“Just as The Garden of Earthly Delights can be read as both a celebration of and warning against desire, Ent- explores the dangers implicit in our desires for new technologies.”

The dangers of tech

Though clearly very much ‘entangled’ in emerging tech herself, Heaney is not shy about pointing out the limitations and failings of these tools.

In the article mentioned previously, she wrote that “algorithmic systems are eroding our agency and autonomy in the pursuit of guaranteed financial outcomes for advertisers and the giant tech companies”.

She also highlighted the “historical and cultural biases” in AI systems that “disproportionately affect poor people and people of colour”.

One of the problems, as Heaney sees it, is that the development of these technologies is often concentrated in the hands of Big Tech.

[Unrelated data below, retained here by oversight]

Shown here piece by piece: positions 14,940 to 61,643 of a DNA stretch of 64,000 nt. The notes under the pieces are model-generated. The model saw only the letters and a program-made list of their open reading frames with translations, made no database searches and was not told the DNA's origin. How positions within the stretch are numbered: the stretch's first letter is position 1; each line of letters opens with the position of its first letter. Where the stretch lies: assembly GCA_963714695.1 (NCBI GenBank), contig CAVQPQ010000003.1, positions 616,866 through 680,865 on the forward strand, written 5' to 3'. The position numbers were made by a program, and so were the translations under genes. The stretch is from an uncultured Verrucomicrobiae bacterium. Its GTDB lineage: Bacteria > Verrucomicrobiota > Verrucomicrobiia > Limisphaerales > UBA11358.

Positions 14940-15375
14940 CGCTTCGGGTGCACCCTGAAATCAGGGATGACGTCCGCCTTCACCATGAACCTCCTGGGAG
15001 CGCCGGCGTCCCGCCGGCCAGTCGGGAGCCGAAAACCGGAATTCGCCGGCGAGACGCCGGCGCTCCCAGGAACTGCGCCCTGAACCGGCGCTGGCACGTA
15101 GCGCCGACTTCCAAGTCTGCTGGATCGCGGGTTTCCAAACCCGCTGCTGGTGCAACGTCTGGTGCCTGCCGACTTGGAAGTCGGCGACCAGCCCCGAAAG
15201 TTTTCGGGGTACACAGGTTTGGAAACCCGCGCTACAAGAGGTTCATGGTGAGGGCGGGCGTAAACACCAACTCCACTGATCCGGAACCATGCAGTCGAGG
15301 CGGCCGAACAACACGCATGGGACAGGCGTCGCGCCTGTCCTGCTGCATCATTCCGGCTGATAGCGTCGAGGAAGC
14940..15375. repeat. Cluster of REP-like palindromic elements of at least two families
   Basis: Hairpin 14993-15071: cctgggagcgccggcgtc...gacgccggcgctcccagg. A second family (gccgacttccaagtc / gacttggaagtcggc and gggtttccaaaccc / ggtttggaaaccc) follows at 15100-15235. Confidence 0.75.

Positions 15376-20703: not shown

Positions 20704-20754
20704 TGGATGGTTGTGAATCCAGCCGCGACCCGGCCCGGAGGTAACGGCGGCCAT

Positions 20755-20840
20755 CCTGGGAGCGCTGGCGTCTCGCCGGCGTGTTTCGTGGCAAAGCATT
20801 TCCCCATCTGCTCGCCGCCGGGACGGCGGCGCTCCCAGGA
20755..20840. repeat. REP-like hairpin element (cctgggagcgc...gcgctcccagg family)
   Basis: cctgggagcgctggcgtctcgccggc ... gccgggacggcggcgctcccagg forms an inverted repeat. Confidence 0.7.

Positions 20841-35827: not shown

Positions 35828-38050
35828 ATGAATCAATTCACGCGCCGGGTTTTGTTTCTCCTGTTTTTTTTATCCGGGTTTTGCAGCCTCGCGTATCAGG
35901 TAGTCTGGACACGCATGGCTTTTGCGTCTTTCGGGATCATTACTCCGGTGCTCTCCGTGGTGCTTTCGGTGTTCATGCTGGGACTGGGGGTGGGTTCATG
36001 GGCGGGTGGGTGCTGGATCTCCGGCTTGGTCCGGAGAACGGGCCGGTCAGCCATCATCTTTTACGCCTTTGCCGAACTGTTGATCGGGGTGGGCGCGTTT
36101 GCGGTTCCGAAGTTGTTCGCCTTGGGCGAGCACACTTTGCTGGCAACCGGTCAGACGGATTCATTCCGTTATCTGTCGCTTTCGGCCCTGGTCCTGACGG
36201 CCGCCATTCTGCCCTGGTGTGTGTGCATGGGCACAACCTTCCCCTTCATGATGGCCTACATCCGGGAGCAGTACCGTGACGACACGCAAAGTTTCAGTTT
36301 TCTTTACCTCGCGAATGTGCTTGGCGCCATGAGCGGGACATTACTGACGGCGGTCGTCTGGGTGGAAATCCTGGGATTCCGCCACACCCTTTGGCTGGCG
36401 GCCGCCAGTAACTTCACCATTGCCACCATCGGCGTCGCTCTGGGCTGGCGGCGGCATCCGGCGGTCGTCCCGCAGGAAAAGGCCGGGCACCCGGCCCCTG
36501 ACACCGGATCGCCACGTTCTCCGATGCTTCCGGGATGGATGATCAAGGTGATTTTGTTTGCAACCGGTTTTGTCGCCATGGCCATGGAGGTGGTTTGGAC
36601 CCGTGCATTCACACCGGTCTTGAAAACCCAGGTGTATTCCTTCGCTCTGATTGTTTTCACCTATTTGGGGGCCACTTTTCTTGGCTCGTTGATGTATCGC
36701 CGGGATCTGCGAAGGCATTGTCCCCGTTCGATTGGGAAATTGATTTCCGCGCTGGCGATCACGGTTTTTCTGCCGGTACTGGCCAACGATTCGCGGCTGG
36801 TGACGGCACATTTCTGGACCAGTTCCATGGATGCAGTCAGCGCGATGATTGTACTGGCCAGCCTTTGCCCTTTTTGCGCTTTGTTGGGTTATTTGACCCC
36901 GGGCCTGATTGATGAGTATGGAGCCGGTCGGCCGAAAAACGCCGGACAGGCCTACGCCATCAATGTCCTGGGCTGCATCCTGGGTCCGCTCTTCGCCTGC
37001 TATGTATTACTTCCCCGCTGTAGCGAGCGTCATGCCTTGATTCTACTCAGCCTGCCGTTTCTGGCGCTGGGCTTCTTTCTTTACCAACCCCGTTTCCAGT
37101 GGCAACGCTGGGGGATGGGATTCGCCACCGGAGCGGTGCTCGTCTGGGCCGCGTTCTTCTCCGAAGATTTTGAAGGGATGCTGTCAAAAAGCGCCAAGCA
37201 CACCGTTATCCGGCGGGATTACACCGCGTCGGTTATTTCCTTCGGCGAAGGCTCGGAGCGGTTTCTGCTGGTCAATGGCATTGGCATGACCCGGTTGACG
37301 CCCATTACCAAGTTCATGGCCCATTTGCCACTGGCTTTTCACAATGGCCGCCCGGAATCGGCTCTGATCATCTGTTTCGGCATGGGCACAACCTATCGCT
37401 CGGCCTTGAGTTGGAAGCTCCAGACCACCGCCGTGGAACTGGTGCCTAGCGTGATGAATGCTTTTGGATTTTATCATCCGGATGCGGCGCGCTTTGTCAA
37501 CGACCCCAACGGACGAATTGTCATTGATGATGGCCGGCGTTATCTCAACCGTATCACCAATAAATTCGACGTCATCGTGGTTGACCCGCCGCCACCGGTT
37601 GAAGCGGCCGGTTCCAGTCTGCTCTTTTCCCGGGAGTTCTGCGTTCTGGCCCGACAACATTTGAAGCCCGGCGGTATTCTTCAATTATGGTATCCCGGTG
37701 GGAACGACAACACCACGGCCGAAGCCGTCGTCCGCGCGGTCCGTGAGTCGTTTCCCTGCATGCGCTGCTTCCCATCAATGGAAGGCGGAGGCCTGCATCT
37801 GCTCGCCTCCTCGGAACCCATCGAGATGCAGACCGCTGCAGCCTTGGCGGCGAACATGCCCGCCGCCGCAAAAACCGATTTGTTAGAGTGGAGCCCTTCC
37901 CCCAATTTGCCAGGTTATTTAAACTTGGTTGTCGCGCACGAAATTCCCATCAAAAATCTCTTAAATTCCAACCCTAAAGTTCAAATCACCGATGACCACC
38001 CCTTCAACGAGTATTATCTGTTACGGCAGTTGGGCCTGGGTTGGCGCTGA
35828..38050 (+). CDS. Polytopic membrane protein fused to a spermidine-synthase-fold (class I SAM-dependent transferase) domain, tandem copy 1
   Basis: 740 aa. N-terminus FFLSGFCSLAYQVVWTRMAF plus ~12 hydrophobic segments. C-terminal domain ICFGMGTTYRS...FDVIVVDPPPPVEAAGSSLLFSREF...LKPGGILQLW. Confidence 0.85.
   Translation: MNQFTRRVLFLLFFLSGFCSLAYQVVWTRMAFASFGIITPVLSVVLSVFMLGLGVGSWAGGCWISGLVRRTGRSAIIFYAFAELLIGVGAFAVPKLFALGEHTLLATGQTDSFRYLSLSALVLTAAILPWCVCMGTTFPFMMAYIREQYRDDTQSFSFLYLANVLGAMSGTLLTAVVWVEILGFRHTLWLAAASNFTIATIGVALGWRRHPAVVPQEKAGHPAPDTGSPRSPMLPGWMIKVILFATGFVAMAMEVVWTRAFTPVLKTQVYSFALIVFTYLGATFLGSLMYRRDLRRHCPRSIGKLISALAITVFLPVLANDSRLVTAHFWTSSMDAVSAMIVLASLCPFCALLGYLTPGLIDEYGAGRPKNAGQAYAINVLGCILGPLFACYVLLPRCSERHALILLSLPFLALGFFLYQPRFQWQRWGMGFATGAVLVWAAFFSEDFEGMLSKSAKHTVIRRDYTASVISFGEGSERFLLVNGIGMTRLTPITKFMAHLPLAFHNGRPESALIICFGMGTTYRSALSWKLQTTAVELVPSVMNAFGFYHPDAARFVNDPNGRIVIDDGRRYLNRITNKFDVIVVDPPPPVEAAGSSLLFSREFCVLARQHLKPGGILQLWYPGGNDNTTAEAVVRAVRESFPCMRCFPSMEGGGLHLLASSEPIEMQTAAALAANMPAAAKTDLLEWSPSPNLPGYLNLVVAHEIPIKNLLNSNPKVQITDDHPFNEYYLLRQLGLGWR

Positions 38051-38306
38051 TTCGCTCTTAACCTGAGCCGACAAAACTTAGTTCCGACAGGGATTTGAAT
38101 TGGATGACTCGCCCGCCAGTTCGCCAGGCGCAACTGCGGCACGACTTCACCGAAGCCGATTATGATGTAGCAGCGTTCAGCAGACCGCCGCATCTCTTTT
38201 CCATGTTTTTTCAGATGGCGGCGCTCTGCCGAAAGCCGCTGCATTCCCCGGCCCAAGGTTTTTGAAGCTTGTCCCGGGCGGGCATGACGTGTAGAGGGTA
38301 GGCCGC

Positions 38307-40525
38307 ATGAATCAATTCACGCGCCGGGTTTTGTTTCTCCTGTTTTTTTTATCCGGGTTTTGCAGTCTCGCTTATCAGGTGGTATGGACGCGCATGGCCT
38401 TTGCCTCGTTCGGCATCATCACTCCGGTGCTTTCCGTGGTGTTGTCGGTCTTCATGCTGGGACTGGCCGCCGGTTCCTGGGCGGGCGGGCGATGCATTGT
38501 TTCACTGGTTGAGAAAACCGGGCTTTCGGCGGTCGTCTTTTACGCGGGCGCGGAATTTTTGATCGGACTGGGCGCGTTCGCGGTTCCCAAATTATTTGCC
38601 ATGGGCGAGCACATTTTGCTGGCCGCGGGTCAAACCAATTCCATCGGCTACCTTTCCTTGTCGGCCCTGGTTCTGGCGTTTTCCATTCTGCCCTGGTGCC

Particularly, quantum is very expensive to develop and therefore it is difficult for smaller start-ups or poorly funded researchers to get the funding or access necessary to make advances. Heaney used an IBM quantum computer for her work and wrote that the company and some others work to “include other voices” in the quantum sphere.

One of the aims of Heaney’s art is to tell stories and inspire conversations about emerging tech “before systems become rigid and difficult to change”.

Class, money, tech, art

It is possible to see parallels between the lack of access to quantum research and the lack of access to art as a career.

For Heaney, coming from a working-class background meant that it was very difficult to break into the art world. A UK study from 2018 revealed that just over 18pc of people working in the performing and visual arts were from working-class backgrounds.